In Geneva this week the World Health Organization (WHO) sent a wake-up call to its 194 member governments and its fellow global institutions to open their eyes to what’s staring them in the face: a world that will soon have more old than young; a world where people over 80 is the fastest growing demographic segment; a world where planning for 100 years of life is for the first time in history the norm.
This is massive.
The exhaustive new report from WHO provides guidance for policymakers by framing a 21st century understanding of what healthy aging is. In the process, it re-defines the course of public health from the 20th century’s “absence of disease” to today’s “functional ability.” WHO has given us this framework through the prism of 21st century longevity.
The successful 100-year life span is about function and ability, and contribution and participation in social and economic affairs. As Dr. Margaret Chan, Director General of WHO says, “The greatest costs to society are not the expenditures made to foster this functional ability, but the benefits that might be missed if we fail to make the appropriate adaptations and investments.”
At its heart, healthy aging is about future generations -- not just Baby Boomers and the octogenarians of today. Think of it this way: How will the children born in the 1990s in live through two centuries their lives will touch? And how will they thrive in a world with more old than young? A world where the proportion of society – the first time in the history of human kind – has an inverted age structure. The age pyramid is on its tip and widens with aging. This is new. As with any pyramid balancing on its point, it will require enormous global efforts to restructure the social contract for this global society.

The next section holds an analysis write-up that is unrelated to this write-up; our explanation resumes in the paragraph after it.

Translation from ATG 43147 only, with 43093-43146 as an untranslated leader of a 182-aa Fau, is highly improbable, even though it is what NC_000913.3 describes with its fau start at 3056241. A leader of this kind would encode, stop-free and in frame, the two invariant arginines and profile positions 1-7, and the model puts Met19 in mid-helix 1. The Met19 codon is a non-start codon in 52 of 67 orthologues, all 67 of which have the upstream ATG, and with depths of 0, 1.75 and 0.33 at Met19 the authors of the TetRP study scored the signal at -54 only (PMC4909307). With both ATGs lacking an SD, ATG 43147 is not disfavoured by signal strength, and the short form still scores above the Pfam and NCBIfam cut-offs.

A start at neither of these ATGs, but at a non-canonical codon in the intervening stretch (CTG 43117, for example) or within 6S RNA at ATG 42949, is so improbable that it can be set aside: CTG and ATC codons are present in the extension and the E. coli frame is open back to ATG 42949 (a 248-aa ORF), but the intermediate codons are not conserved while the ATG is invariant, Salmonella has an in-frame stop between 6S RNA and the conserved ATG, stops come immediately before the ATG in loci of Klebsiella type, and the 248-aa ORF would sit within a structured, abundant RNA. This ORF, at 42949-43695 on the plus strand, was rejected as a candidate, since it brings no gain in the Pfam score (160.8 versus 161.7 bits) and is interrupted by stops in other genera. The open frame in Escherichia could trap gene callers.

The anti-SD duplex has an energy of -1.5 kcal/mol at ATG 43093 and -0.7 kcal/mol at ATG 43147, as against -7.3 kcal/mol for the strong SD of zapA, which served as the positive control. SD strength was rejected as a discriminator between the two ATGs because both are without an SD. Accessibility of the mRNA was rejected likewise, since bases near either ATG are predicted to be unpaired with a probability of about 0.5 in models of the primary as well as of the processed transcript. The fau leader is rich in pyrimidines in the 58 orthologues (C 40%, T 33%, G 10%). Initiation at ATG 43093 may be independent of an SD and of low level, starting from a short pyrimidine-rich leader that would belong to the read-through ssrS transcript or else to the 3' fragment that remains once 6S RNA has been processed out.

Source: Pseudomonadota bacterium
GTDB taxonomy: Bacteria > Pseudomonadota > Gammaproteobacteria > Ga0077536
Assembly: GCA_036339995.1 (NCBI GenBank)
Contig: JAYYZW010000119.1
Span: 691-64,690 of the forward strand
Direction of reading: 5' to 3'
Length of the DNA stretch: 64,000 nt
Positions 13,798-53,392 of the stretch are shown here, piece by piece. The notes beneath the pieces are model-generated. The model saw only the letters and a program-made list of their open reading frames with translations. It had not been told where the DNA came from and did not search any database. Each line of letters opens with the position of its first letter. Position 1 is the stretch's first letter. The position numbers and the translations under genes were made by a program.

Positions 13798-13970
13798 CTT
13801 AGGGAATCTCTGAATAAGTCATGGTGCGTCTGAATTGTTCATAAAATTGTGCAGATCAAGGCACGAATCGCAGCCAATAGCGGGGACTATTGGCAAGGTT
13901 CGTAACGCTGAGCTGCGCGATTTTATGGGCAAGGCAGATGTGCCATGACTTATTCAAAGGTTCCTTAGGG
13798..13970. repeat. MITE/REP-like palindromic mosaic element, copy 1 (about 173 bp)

This new WHO report will prove to be monumental not only because it redefines healthy aging, but also because it connects to personal freedom, fiscal sustainability, and economic growth. Indeed, “functional ability” is not only about crafting a life that is fulfilling in its older years, but also about our collective success when there are two billion of us over 60.
When we start to parse this term “functional ability,” we see that it includes a range of building blocks: everything from our emotional state to maintaining good vision longer into our older years. The prospects for active 100-year lives multiply by reducing the near perfect correlation between today’s muscle mass and bone deterioration.
Of course, the WHO does recognize that the pathways for healthy aging will still need to account for the growing epidemics of cancer, diabetes, Alzheimer’s and cardiovascular disease – all aligned with our longevity.
This WHO report marks a revolution because it forces us to recognize that aging isn’t just about the old. It’s about all of us. And aging is not just about diseases – but also health and activity, work and financial planning. It marks health policy as an essential milestone to better lives, individually and for society.
A century ago, when we were building the policies and institutions that support our lives today – around health, retirement, education, etc. – we’d have been lucky to live past 57. Now we have to plan for 100 – maybe more. The WHO Report on Ageing and Health gives us the pathway to 21st century healthy aging. Now it’s up toall of us to act!